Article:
Alexander added to the confusion at the press conference when she boasted
    that “… there was no nationwide meltdown.” She didn’t appear to grasp what
    computer scientists, including Dr. David Dill who was standing right next to
    her, have been warning for years - that widespread vote fraud or system
    failure could easily occur and no one would ever know. Over 99% of all
    ballots were counted by machines: lever, computerized ballot scanners, or
    touchscreens. Poll watchers can stare at these machines all they want, but
    they’re not going to learn much.

    While acknowledging that voting rights organizations across the country are
    still receiving thousands of complaints about voting machine malfunctions
    and complete breakdown. Project members continued to promote the use of
    ballot printers and spot audits as an adequate solution to the problem. The
    group even published a manual for poll monitors that had the appearance of
    an industry Buyers Guide and included only minimal coverage of problems
    association with each type of equipment. Inexplicably, touchscreen voting
    machines with ballot printer attachments, although available, were not
    listed in the manual.

    In an interview with this journalist, Dr. Dill of The Verified Voting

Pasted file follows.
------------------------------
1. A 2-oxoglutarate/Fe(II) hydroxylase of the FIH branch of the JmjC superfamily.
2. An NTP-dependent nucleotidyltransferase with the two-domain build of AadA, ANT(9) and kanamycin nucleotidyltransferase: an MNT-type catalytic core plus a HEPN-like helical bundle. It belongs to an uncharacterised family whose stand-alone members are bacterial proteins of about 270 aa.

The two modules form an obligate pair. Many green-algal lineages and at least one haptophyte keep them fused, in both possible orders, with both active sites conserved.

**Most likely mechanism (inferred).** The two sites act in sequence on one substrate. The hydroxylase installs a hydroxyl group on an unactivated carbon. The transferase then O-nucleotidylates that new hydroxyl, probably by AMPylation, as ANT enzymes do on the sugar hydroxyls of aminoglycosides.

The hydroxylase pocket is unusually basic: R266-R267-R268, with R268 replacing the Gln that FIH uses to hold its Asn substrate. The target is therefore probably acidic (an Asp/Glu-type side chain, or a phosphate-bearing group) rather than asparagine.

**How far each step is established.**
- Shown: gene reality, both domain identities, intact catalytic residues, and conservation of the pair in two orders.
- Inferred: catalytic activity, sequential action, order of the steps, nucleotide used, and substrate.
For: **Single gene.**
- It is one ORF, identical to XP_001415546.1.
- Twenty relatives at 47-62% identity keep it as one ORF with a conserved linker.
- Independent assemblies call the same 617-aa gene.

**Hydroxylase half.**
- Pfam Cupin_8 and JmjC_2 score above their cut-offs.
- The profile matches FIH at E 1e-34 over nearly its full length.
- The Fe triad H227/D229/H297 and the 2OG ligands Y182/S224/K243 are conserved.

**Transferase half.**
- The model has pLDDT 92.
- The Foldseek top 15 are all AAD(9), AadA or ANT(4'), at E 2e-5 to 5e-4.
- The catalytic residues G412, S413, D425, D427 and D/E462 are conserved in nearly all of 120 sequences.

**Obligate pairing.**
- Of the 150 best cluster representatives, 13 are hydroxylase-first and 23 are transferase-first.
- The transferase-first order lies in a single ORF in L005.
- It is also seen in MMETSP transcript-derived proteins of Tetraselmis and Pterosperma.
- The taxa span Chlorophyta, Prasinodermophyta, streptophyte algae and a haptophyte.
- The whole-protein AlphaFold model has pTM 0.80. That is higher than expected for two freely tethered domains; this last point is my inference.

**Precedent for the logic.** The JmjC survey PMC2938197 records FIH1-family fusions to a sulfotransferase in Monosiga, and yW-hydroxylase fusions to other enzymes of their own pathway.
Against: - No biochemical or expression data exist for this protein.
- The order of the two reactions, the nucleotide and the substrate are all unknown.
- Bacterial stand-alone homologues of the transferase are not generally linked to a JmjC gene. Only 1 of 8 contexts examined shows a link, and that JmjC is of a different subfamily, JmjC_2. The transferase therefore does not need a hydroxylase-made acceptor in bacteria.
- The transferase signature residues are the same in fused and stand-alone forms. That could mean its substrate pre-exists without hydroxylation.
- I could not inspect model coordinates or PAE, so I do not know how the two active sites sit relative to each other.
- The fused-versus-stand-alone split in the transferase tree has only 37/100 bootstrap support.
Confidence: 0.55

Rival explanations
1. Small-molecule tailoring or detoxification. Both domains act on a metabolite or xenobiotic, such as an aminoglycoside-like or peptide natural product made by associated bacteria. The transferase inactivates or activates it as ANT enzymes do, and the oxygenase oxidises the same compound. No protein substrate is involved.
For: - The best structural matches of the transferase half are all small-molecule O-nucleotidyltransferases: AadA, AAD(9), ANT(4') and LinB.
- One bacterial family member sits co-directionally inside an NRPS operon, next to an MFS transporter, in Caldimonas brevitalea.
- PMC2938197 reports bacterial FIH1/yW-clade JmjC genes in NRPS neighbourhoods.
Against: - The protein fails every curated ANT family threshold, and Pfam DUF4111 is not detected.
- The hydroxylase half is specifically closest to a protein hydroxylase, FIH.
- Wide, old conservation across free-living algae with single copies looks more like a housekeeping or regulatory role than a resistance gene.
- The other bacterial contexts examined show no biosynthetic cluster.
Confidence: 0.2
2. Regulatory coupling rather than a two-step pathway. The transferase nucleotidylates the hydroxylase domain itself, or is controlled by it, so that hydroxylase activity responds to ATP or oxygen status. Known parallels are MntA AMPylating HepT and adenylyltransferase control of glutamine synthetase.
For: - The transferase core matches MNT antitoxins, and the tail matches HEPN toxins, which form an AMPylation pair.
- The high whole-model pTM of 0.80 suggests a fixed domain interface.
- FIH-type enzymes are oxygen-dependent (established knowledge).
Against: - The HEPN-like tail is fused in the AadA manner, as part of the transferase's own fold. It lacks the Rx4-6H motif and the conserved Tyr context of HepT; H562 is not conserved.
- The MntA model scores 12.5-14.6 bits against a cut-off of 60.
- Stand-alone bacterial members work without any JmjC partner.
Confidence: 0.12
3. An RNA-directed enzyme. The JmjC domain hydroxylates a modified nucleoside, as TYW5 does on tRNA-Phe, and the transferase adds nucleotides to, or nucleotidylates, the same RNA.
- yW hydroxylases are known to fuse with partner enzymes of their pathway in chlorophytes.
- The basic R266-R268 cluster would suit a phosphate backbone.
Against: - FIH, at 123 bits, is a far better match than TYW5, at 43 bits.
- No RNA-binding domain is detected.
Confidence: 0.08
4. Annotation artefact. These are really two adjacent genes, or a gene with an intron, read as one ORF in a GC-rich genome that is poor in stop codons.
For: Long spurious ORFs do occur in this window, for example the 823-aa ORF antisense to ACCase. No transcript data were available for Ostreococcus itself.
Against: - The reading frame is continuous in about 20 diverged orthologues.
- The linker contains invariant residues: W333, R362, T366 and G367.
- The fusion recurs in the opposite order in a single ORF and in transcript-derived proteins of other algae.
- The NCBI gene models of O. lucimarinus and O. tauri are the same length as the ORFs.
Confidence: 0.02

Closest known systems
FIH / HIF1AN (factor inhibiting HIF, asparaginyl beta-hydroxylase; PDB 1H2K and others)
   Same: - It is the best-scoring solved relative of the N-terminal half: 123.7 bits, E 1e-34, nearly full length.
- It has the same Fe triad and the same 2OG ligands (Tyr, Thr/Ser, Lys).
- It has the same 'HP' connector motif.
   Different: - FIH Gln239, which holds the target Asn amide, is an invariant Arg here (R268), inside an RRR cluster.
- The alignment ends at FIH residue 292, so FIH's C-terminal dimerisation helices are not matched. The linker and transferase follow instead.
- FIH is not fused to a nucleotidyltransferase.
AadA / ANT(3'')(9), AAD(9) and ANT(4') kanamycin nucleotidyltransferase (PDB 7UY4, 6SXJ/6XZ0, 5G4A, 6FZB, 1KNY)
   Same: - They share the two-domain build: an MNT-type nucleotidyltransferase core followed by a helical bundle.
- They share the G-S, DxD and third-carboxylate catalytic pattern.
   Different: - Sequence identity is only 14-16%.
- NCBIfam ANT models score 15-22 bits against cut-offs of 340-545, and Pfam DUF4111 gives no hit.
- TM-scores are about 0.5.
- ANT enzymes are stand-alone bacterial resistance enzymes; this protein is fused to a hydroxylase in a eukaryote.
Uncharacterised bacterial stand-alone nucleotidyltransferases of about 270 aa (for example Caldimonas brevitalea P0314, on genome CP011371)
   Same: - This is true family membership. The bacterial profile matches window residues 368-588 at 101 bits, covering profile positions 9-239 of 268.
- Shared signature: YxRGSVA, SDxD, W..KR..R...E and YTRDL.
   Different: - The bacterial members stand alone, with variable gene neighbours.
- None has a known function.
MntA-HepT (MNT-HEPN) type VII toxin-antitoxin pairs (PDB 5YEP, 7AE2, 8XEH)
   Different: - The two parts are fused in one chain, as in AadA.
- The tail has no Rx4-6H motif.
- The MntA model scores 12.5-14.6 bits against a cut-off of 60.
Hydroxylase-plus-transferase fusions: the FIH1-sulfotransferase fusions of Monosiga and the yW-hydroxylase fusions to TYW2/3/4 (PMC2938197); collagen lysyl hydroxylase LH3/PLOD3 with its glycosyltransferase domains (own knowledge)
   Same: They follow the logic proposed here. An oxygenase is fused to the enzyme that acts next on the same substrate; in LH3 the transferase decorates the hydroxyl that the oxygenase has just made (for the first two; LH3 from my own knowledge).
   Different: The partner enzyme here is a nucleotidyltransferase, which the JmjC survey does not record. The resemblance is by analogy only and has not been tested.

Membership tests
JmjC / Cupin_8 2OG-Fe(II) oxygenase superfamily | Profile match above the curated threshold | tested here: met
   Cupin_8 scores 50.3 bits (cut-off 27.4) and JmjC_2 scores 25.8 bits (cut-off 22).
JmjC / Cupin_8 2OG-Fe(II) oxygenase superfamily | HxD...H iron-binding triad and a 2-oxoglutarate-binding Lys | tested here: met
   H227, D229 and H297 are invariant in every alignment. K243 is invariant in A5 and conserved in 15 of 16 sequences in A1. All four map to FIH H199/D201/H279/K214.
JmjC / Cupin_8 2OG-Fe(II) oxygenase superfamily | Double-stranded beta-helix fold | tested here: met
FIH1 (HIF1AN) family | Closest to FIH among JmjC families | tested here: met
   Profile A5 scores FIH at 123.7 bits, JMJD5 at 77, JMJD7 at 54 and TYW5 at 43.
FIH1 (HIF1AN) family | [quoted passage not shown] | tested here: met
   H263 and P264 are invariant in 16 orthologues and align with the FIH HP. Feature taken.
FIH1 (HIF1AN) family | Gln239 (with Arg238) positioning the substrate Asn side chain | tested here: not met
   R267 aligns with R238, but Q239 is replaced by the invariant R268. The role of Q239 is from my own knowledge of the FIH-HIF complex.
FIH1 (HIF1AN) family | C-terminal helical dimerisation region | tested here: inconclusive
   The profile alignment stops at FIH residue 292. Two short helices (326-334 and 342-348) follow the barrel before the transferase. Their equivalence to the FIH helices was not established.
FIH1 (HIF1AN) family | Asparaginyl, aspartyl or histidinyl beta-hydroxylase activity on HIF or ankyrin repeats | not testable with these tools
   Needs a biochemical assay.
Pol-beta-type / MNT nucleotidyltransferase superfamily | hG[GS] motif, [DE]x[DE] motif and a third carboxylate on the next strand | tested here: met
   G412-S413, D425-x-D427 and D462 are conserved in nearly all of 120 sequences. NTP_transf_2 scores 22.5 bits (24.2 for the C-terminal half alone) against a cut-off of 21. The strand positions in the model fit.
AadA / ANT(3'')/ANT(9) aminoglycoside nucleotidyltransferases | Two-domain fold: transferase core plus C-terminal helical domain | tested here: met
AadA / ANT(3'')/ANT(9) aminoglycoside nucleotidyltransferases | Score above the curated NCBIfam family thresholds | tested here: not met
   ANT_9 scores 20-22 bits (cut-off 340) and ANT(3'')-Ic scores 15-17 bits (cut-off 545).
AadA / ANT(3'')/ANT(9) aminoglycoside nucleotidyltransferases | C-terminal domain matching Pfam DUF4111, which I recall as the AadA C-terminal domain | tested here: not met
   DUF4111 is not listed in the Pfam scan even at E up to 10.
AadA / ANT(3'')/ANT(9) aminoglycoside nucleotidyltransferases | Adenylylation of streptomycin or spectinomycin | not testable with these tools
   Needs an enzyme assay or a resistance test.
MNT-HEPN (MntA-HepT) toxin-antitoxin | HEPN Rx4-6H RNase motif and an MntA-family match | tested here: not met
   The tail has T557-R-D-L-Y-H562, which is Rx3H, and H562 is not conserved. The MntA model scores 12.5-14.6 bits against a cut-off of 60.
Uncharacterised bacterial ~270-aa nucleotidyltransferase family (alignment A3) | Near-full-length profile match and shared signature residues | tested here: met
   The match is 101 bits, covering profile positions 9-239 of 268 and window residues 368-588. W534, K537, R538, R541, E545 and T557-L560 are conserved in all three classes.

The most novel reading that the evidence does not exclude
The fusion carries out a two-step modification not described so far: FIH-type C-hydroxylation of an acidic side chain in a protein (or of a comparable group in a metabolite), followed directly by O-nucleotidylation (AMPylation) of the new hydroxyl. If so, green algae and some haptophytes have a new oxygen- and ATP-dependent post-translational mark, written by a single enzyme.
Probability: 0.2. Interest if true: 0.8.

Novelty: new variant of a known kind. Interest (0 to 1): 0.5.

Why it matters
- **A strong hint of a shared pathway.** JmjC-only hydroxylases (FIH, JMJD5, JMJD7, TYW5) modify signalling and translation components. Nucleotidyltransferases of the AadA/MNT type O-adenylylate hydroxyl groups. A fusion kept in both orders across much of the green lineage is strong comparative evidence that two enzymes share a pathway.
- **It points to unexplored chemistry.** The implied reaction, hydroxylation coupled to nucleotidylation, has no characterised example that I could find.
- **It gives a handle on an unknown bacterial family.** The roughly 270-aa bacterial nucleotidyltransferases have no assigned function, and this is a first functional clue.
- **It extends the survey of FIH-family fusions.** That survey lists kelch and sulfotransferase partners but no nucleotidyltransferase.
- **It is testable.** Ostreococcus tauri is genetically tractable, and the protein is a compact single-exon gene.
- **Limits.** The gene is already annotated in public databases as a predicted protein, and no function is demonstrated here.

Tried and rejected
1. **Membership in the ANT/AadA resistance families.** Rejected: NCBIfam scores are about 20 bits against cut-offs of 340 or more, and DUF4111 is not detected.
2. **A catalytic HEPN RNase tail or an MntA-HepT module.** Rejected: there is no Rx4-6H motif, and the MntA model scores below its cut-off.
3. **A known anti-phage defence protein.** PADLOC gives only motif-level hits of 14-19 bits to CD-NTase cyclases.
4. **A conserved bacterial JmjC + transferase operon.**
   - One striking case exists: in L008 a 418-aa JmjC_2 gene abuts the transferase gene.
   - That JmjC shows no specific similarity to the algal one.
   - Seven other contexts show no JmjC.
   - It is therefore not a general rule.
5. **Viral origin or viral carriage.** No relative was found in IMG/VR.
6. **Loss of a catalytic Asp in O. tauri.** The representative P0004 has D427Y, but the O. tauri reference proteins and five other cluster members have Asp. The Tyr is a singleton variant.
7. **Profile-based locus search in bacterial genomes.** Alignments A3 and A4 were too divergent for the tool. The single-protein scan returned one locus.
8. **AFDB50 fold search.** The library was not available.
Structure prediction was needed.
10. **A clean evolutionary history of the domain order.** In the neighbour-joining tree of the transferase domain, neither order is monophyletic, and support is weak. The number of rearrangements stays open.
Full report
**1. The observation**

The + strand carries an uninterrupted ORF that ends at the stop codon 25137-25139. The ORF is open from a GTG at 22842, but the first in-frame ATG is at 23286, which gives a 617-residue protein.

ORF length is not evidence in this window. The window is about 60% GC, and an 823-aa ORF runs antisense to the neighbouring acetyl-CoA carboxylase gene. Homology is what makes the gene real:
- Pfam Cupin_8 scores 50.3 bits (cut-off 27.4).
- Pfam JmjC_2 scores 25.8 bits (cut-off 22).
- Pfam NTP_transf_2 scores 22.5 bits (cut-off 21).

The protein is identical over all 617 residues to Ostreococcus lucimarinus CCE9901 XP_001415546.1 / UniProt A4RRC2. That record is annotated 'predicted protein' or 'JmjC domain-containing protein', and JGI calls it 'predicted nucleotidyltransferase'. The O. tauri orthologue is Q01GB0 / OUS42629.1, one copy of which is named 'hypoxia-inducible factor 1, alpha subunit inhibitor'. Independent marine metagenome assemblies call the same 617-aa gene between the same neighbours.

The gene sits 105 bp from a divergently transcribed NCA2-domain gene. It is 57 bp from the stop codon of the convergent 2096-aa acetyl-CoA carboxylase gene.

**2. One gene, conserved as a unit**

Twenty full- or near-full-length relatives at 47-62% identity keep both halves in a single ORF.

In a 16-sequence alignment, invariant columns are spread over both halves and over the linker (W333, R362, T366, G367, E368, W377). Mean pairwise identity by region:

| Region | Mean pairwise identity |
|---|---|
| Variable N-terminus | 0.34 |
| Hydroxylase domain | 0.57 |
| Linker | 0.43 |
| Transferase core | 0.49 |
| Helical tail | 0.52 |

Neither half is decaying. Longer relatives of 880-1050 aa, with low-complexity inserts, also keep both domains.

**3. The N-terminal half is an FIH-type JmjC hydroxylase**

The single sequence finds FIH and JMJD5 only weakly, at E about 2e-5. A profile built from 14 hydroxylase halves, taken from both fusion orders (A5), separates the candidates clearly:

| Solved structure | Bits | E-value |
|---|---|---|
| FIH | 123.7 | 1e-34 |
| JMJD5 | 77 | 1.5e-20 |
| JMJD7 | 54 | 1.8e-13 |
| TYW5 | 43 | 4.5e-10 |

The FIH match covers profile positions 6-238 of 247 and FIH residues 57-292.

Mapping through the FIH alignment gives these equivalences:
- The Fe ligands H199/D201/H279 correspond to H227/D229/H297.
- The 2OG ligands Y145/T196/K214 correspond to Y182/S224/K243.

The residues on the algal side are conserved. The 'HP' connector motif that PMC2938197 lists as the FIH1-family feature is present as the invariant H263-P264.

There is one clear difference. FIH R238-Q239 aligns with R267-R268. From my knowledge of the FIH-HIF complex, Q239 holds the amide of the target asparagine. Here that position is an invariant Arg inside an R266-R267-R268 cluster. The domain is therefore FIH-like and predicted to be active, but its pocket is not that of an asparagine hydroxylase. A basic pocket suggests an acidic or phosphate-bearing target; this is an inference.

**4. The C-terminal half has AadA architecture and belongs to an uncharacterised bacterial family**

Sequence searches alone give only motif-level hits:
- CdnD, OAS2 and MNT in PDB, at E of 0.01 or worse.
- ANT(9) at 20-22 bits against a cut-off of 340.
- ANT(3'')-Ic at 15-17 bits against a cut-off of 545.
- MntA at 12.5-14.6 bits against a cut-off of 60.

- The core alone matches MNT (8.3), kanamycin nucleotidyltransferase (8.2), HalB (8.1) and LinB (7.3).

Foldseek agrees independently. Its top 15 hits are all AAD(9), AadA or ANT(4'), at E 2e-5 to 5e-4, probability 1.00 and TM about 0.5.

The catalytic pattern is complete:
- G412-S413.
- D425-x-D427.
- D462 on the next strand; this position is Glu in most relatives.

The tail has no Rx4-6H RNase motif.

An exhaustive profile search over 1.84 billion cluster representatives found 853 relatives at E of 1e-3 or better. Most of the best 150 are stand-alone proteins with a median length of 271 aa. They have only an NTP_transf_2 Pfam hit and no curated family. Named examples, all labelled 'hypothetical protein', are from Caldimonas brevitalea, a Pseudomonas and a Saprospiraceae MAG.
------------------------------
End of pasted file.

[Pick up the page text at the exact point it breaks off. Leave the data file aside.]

Foundation, admitted that when a voting machine malfunctions or breaks down,
    the ballot printer is pretty much useless. Adding to that bad news (at what
    was clearly meant to be an upbeat press conference), one speaker noted that
    voters who were given provisional ballots in cases of machine malfunction,
    may not have had their votes counted at all in this past election.

    According to their mission statement, the proposed reforms of the Election
    Verification Project are designed to increase transparency in the voting
    process from registration to tabulation, including: Federal and state
    legislation requiring a voter-verified paper record, mandatory national
    electronic voting standards, and routine auditing of computerized vote
    counts. However, observers note that all these proposals taken together do
    not add up to a transparent process in any meaningful way. This is a plan
    that leaves easily rigged and malfunctioning machines in the voting process,
    permits elections officials to control any audits, and denies citizens the
    right to have every vote counted at the local level.

    Whatever the goal of the press conference organizers, their message seemed
    to sow more confusion than offer a realistic solution for angry and
    suspicious voters.

    Other speakers included: Chellie Pingree, President of Common Cause; Lillie
    Coney of Electronic Privacy Information Center; Matt Zimmerman of Electronic
    Frontier Foundation; and Will Doherty of Verified Voting Foundation.

    Source: Lynn Landes

    Comment by Kat LEstrange — Sunday November 21, 2004 @ 1:41 am PST